How the coronavirus pandemic may be causing support of labor unions to rise

Richard Trumka, president of the AFL-CIO
Andrew Harrer | Bloomberg | Getty Images

Over the past several decades, union membership has steadily declined. Bureau of Labor Statistics data indicates that in 1983, 20.1% of employed Americans were members of a union. By 2019, that share had decreased by roughly half to 10.3%.

However, as wealth inequality accelerates, essential workers organize for pandemic protections and President-elect Biden makes promises to be "the most pro-union president you've ever seen," public support for unions is rising. 

In 2018, researchers at MIT found that approximately 48% of nonunion workers would join a union if they could — representing some 58 million workers and nearly half of the nonunion workforce. 

Gallup estimates that as of 2020 65% of all Americans approve of labor unions; including 83% of Democrats, 64% of independents and 45% of Republicans. 

Courtesy of Gallup

Gallup's figures indicate that public support for unions peaked in the 1950s, when as many as 75% of Americans agreed about the benefits of unionization. Support appears to have dipped during times of economic difficulty, including the 1980s and mid-2000s. 

Courtesy of Gallup

"Now, unions are at an all-time high when it comes to favorability ratings," claims Richard Trumka, president of The American Federation of Labor and Congress of Industrial Organizations, the largest federation of unions in the United States and commonly referred to as the AFL-CIO. "Half the workforce said they would join a union today if given the opportunity because they know that without the power of a union, workers are helpless."

The coronavirus pandemic is behind the latest surge in support, he says.

"This pandemic has amplified [public support] even more. It showed how helpless workers are without a union. They couldn't even get PPE and unions were able to get it for them," says Trumka. "For years and years and years, people that we call 'essential workers' were invisible. It was as if no one knew they existed. They did their jobs every day to keep the country and the economy going. And then Covid came and everybody was staying home except people they called 'essential workers', people that were driving buses, and delivering food, and taking care of sick people, and making us better.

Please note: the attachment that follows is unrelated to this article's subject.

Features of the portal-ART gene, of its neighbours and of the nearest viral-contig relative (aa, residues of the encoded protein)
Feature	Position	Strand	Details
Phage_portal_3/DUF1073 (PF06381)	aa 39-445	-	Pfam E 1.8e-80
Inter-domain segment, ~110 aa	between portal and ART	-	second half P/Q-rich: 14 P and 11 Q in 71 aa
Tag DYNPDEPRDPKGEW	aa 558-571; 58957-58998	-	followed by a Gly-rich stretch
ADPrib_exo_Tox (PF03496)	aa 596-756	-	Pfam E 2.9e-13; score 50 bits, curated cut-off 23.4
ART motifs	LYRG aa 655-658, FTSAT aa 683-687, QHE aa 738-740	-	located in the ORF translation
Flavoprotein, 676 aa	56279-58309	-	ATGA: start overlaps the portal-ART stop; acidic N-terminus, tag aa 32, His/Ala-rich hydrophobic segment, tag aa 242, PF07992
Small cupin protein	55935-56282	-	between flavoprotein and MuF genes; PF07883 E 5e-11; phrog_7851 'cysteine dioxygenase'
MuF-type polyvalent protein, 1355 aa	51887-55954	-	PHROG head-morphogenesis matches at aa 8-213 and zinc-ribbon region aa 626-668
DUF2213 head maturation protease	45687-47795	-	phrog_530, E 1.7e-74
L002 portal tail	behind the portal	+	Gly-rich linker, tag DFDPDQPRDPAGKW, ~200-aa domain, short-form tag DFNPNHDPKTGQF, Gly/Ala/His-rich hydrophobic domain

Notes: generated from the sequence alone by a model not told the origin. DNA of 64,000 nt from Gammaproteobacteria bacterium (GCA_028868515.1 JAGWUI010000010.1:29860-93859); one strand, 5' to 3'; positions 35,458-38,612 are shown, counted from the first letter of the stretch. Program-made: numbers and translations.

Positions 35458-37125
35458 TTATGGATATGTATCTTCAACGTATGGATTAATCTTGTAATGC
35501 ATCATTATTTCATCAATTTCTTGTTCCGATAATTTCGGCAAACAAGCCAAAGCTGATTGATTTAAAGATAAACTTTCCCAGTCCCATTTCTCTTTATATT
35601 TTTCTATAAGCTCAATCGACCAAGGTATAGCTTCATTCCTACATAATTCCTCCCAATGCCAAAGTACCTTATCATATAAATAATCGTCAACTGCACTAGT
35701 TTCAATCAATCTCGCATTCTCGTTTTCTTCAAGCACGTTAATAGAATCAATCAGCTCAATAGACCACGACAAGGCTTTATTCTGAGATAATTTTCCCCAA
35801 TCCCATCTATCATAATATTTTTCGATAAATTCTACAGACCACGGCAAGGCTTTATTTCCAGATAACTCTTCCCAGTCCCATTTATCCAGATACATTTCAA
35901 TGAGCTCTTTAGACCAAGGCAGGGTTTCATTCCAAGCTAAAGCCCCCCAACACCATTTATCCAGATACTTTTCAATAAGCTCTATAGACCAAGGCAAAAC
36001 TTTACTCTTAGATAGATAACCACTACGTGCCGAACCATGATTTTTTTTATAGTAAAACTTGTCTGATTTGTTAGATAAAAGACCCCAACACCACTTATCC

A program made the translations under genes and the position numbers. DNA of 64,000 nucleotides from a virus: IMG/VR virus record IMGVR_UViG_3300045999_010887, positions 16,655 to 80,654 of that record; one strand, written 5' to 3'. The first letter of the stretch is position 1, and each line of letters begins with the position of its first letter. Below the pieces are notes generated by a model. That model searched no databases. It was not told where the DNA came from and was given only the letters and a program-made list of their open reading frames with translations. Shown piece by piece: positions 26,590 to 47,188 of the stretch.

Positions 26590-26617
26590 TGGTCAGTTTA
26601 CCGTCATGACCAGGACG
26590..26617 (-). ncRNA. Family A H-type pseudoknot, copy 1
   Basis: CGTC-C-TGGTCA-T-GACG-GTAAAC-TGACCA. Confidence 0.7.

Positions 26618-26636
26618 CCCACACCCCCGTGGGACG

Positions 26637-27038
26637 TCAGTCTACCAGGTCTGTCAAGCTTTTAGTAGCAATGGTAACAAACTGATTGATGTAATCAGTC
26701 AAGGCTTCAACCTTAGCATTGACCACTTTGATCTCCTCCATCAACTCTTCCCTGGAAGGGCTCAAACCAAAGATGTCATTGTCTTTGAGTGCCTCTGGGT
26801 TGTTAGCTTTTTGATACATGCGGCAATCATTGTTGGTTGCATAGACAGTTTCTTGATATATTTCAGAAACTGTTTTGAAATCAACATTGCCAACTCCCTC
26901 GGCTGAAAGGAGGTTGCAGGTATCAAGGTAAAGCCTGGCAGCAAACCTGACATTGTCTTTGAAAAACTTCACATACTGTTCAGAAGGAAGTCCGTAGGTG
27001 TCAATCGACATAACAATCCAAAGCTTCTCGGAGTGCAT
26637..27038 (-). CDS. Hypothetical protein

"Now people see those workers and the dignity that they represent." 

Rep. Mark Pocan, D-Wisc., walks down the House steps of the Capitol on Friday, Sept. 20, 2019.
Bill Clark/CQ-Roll Call, Inc via Getty Images

In November 2020, Democrat Congressmen Mark Pocan of Wisconsin and Donald Norcross of New Jersey announced the creation of the Labor Caucus. Both longtime union members, the pair hope to represent the interests of organized labor in the House alongside more than 50 fellow caucus members.

At the time of the announcement, Pocan told CNBC that he also sensed growing support for unions —despite long-time efforts to limit them. 

"There's been ongoing organized attacks on working people on behalf of Republican legislatures and governors, including in my state of Wisconsin, for years. They destroyed public employee unions back in 2010 and then Wisconsin became a 'Right to Work' state, which we never were. They even went after prevailing wage laws," he says. "We've seen this across the country, but public opinion for people having a voice in their workplace through labor unions is at almost an all-time high. It's really up there because people have seen those attacks have really made it harder for people to get a fair share and a fair shake in their workplace."

Labor union advocates "have strong public support," said Pocan. "We just have to make sure that we actually deliver on some of the things that people want us to deliver on."

For the Labor Caucus, those deliverables include passing the PRO Act and raising the national minimum wage.

But "support for unions is not just about wages and benefits," says Trumka. "It's respect, it's dignity and it's health and safety." 

Memesha Davis, a union ironworker from Brooklyn, New York, says this sense of respect is one of the biggest benefits of being a union member. 

"I've heard stories of non-union ironworkers. They're just another face or just another number. As far as being in a union, being a union ironworker, the benefits are enormous. Like, I never thought that I'll be able to see a pension," she says. "But I always thought the unions were important because it's like a big family."

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